The Medicare regulations for ACOs were released on March 31, 2011 in draft for public comment. In brief, ACOs are meant to establish a financing system where payment enhancements are made to the ACO, and then to the providers, based on achieving specific health care outcomes and reducing (or in some cases stopping the escalation of) health care costs. This is achieved by assigning patients to ACOs based on their historical place of care and assigning cost predictions based on their historical utilization of health services and other health-related characteristics. So everyone – or almost everyone – wants to be an ACO so they can get the financial rewards from their efforts to improve care for their patients and reduce overall health care costs. In New York City, hospitals, medical groups and FQHCs have been planning their ACO strategy since the legislation outlining the goal of ACOs was passed last year in the health reform bill. Yet to the shock of the FQHC community, they were determined, along with Rural Health Centers (RHCs) and some others, to be ineligible to sponsor an ACO.

The implications of this will have enormous, negative impact on the future of FQHCs. To understand this, one needs to envision the advanced model that FQHCs have been developing over the past decade. To start with, they are governed – not just advised – by a board of directors that is made up of a majority of the health centers users. They are built in the community, governed by the community and therefore, serve as a model of how health care providers must be responsive to the needs of those they care for. They have been early adopters of electronic medical records, have been achieving certification as Medical Homes at a blinding rate (the highest recognition a primary care provider can achieve today). They have expanded hours to expand access, provide multilingual care where appropriate, and often integrate chronic disease management, mental health and dental services in one location. They engage networks of specialists to care for their patients – even though 1/3 of the patients they serve nationally lack health insurance. In short, they are the model for what everyone in the U.S. needs. So what is the issue?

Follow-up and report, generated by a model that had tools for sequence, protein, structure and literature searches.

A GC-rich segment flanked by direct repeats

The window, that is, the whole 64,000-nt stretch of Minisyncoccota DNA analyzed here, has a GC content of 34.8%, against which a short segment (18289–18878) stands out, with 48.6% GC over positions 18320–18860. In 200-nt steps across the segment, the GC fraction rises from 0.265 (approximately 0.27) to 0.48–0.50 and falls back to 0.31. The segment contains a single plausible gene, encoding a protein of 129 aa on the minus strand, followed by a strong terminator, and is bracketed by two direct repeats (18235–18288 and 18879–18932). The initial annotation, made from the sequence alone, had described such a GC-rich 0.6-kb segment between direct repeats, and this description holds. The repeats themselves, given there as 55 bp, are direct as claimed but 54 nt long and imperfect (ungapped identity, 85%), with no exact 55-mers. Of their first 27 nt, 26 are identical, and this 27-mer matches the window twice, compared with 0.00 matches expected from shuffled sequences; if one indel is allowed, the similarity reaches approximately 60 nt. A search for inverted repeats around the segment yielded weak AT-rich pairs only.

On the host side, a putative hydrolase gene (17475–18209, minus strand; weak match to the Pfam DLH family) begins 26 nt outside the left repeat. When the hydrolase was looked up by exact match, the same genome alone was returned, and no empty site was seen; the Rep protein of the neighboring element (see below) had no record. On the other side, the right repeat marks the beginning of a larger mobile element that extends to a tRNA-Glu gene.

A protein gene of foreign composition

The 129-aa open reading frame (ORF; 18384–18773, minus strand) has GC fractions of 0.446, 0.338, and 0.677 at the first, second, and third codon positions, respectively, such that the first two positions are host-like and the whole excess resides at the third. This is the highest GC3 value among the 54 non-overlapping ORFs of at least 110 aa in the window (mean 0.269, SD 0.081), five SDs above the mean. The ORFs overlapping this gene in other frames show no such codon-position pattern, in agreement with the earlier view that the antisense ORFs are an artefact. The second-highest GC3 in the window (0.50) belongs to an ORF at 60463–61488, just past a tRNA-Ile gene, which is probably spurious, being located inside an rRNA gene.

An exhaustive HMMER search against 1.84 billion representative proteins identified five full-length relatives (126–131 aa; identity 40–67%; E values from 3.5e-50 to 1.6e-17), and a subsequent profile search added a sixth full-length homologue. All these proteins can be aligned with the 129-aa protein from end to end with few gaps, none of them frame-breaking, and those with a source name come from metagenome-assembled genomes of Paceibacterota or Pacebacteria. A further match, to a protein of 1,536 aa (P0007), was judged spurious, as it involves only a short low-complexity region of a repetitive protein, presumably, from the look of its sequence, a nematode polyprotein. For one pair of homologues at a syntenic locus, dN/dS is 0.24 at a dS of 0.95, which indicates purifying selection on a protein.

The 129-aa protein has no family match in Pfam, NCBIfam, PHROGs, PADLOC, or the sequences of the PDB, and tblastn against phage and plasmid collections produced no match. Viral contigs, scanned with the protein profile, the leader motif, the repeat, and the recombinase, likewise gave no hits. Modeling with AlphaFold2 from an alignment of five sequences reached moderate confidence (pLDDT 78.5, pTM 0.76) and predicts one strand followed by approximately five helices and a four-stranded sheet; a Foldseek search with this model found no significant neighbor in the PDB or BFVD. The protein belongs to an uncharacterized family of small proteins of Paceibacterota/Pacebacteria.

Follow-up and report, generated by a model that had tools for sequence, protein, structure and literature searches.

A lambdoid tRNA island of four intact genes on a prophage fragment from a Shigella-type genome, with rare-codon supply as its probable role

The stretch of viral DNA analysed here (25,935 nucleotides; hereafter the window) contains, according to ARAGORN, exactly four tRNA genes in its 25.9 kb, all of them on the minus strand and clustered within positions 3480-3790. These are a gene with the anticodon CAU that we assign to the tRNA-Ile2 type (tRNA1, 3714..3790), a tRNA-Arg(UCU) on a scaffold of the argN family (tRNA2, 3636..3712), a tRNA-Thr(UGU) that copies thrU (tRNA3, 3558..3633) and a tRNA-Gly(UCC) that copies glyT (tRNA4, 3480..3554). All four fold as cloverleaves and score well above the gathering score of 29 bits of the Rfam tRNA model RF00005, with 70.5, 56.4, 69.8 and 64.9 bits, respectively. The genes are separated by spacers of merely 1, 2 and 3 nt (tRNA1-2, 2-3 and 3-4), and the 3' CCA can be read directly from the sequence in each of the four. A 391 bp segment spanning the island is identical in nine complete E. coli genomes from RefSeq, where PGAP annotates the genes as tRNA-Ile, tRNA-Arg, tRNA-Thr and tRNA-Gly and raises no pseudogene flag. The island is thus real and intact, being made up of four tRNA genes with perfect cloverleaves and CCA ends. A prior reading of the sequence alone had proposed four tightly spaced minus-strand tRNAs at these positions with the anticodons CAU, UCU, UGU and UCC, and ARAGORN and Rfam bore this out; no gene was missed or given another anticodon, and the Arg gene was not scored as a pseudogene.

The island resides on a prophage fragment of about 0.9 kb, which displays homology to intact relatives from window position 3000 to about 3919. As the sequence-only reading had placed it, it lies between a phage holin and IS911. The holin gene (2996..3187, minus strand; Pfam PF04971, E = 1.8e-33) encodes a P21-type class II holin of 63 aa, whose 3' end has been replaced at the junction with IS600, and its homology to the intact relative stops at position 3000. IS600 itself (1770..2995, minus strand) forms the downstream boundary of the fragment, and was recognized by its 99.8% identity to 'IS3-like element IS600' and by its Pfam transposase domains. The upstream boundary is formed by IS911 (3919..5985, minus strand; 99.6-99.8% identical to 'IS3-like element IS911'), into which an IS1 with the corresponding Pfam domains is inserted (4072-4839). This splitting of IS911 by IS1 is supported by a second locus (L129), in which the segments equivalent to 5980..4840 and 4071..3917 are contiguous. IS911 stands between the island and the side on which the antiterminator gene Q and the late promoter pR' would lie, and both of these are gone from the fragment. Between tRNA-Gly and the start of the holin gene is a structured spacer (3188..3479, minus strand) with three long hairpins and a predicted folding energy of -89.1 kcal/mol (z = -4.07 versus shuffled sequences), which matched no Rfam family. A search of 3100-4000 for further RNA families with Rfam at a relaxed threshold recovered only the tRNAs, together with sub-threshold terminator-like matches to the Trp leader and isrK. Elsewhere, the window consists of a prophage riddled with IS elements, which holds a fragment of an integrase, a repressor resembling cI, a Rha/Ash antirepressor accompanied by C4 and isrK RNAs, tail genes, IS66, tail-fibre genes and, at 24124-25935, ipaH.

ACOs will control the flow of funds for improved care and reduced costs and to insure that the benefits of these added payments accrue to those who have invested in the formation of advanced delivery systems, they must be in a position to control the distribution of these funds. We have always said that a rational system of care is built around a strong foundation of primary care – the FQHC. With hospitals and multispecialty groups in control, the same power relationships that exist now will exist in the future and what is worse – the same model of care and the same catastrophic economic results. We cannot afford to let this happen. The main question at stake here is whether we want hospital controlled ACOs sitting at the center of these new models, struggling to make up for the falling volumes of high-cost services they provide by fighting over market share with other hospitals, whether we want multispecialty group practices at the center of the ACO model with their frequent overrepresentation of specialists and underrepresentation of primary care or whether we want primary care as the ACO’s core – providing a rationally constructed system where the training of primary care practitioners in preventive care, care coordination and chronic disease management provides the foundation for improving quality and reducing cost. We all know what we need to do!